Fiona Keating, should results fall in her favour this weekend, won’t be the first dual player to pocket two county senior championship medals in the one year. What’s unique about this 17-year-old is that she’s bidding to achieve double glory in the space of 25 hours.
This Saturday at Castle Road, Blackrock (3pm), Keating will line-out at corner-forward on the first ever Courcey Rovers team to contest the Cork senior camogie final. Standing in their way are defending county champions Inniscarra.
A day later at Cloughduv (4pm), Keating will again be at corner-forward, this time in the colours of West Cork, as the divisional outfit locks horns with Mourneabbey in the Cork ladies football final replay. No more than her club Courcey Rovers, West Cork are also chasing a maiden county title. Mourneabbey, meanwhile, are bidding to secure a fifth consecutive Cork crown.
“I am nearly more nervous than excited about the weekend ahead,” said Keating, a fifth-year student at Kinsale Community School.
“I’ve played loads of big matches with my county, All-Irelands and stuff, but it is kind of different when it is your club. You are playing alongside the girls you grew up with. It is nearly bigger and makes me even more nervous.
“I can appreciate what I am facing into, but in another way, I see the older girls that have been soldiering away for Courceys for years and their determination as to how much they really want this.
“I have never won anything with my club so it is a massive thing to be trying to win a county senior. A club medal on Saturday would be massive for me. Starting off at six years of age, you always dream of winning a county senior medal, not to mind having the chance to win in both codes on the one weekend. It would be absolutely phenomenal if we were able to win both.”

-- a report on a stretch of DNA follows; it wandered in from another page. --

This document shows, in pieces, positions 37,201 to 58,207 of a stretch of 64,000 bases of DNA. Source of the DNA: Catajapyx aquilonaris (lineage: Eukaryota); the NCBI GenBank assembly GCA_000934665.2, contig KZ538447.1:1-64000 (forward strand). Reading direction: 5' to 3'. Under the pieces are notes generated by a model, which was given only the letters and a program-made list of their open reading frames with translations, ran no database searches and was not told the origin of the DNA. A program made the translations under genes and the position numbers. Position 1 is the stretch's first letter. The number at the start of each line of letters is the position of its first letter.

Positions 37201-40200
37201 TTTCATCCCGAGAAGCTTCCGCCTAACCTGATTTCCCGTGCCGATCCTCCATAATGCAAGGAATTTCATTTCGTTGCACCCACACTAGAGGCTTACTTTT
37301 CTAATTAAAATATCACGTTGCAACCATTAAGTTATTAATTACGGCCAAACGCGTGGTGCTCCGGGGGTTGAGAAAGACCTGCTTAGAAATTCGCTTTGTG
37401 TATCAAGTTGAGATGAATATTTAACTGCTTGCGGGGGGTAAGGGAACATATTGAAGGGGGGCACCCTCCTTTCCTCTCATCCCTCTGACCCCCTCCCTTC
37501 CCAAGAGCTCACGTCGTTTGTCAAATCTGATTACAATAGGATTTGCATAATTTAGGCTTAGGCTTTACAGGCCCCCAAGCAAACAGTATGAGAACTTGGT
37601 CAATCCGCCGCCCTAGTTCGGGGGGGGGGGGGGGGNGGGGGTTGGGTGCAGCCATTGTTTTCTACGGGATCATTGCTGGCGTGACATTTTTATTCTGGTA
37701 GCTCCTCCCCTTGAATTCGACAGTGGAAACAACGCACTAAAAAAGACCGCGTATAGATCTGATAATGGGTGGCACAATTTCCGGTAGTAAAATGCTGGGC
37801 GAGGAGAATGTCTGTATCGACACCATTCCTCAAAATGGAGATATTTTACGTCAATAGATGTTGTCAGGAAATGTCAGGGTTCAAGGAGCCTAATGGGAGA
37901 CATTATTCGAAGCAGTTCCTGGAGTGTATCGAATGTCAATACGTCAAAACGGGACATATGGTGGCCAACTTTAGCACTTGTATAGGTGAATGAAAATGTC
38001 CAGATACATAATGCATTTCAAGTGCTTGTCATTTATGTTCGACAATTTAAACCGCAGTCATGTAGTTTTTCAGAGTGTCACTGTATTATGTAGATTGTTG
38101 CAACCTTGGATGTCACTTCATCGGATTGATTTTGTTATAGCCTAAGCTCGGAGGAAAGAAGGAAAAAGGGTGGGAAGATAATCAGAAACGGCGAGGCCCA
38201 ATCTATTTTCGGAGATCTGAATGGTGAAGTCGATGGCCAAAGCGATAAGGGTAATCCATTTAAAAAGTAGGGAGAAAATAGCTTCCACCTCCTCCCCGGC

Two games in one weekend is nothing new for Keating and she enjoyed the perfect dress rehearsal last weekend as the Cork ladies football final and the county camogie semi-final fell within 24 hours of one another.
Last Saturday at Cork IT, Keating, who won an All-Ireland minor camogie medal earlier this year and was on the Cork minor football team which endured All-Ireland final heartache, was among the scorers as West Cork pulled back a one-point deficit during nine minutes of additional-time to force a replay.
“It was the first time I had come across Mourneabbey. There was such a difference in terms of physicality between county minor and what I experienced on Saturday.
“I came home after the match and went straight down to the shop for a bag of ice. The Courcey Rovers management warned me to go straight to Garrettstown beach, but it was lashing rain, so I settled on a bath full of ice instead.
“I was somewhat sore on Sunday so I had another ice bath before the Milford camogie match.”
Despite the endeavours of the previous day, Keating went out and notched 1-3 from play, finishing as Courcey Rovers’ top-scorer in a famous 2-10 to 2-6 victory.
“We knew after the ladies football draw that the replay would be this Saturday. After winning the camogie last Sunday, we were told the camogie final would also be Saturday. I thought they were going to clash and was upset by it, thinking I might have to choose. I was onto Anne O’Grady (West Cork selector) and she emailed the county board. They got back to her with a change of date.
“I am well used to double weekends. Hopefully, I’ll be able to do a double. If we were fortunate enough to win the camogie on Saturday, I wouldn’t mind missing the celebrations that evening for an ice bath as I know such celebrations would go on well beyond Saturday.”